From the November 2009 issue of Treasury & Risk magazine

Bronze AHA Winner in Credit Risk Management

Cisco Systems had 29%--far too many--of its sales orders going on credit hold because credit limits were being applied to a specific bill-to address, not the ultimate economic buyer, which may have exhausted its credit under one address but often had plenty of available credit under a different address. The result was delayed orders, grumpy customers and sagging productivity as a result of a lot of manual intervention.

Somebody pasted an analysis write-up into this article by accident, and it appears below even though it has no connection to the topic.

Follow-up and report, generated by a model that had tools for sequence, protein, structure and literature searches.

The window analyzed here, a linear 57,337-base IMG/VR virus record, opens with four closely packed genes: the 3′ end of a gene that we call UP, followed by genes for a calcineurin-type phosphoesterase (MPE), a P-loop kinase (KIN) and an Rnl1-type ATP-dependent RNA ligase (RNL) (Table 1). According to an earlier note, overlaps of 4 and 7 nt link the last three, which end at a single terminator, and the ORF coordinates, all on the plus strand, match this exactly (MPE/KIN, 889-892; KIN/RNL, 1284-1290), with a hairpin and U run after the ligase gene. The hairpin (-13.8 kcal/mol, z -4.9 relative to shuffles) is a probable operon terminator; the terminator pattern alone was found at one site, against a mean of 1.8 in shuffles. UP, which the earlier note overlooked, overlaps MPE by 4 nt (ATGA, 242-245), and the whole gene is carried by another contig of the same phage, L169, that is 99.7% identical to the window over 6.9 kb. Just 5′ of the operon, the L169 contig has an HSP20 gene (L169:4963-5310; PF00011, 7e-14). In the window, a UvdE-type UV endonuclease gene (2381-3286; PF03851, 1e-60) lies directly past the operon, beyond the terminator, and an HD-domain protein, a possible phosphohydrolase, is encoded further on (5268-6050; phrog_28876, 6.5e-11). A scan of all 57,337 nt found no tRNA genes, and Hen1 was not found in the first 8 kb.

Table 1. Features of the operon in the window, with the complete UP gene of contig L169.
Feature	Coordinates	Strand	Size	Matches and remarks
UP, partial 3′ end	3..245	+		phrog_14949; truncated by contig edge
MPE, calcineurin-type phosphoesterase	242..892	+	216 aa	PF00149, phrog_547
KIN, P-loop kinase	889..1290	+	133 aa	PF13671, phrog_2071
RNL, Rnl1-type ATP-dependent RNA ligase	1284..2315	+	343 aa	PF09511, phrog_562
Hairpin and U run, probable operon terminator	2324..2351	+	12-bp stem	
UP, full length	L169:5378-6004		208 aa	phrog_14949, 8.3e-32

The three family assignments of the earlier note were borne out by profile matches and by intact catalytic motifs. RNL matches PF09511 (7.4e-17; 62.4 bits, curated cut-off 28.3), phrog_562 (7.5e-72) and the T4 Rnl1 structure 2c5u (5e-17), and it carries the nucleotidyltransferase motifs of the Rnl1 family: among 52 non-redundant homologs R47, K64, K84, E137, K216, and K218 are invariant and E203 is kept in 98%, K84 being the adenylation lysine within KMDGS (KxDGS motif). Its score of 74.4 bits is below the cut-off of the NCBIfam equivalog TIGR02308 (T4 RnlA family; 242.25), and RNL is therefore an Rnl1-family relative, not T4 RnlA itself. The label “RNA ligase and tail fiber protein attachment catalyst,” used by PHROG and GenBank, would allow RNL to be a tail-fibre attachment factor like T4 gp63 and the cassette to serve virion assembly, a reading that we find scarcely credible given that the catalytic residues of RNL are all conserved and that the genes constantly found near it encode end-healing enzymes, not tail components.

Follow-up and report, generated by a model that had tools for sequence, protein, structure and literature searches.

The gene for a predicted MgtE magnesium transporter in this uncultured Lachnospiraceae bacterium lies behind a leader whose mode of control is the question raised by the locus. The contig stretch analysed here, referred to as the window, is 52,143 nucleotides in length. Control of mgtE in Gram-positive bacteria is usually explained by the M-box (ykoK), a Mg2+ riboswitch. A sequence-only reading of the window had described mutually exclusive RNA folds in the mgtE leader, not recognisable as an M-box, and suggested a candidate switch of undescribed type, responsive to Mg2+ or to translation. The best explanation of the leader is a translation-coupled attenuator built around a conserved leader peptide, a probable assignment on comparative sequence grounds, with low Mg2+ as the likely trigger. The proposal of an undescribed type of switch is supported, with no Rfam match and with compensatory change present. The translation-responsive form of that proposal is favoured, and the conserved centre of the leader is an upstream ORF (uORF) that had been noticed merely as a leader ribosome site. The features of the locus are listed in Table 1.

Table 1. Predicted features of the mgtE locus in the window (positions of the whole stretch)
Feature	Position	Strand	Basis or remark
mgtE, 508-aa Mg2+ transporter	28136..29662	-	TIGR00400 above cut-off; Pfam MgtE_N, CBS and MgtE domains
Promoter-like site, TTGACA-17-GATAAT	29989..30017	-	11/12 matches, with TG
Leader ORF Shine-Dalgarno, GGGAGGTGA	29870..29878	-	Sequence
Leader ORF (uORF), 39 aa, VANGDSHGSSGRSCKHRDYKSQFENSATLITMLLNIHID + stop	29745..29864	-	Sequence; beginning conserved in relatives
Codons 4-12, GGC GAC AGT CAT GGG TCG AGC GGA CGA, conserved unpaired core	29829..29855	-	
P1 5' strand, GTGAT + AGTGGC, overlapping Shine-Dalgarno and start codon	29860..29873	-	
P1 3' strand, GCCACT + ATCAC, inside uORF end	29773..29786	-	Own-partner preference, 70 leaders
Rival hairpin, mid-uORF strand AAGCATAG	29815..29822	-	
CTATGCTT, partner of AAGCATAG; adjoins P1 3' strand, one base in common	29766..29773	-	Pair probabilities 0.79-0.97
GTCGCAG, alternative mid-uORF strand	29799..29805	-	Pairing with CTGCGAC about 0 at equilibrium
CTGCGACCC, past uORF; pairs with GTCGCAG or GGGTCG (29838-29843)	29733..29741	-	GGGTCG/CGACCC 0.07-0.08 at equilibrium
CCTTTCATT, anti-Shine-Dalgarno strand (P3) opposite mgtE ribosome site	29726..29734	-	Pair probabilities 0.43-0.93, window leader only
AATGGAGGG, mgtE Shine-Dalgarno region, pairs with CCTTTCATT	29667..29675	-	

So the credit pros at San Jose, Calif.-based Cisco embarked on a two-stage project to fix the problem. The first step was to modify the ERP system to apply credit orders to the consolidated availability of the parent company, not the bill-to entity. "This allowed us to reduce customer credit limits from over 10,000 to under 2,000," reports Tom Braida, director of global credit.

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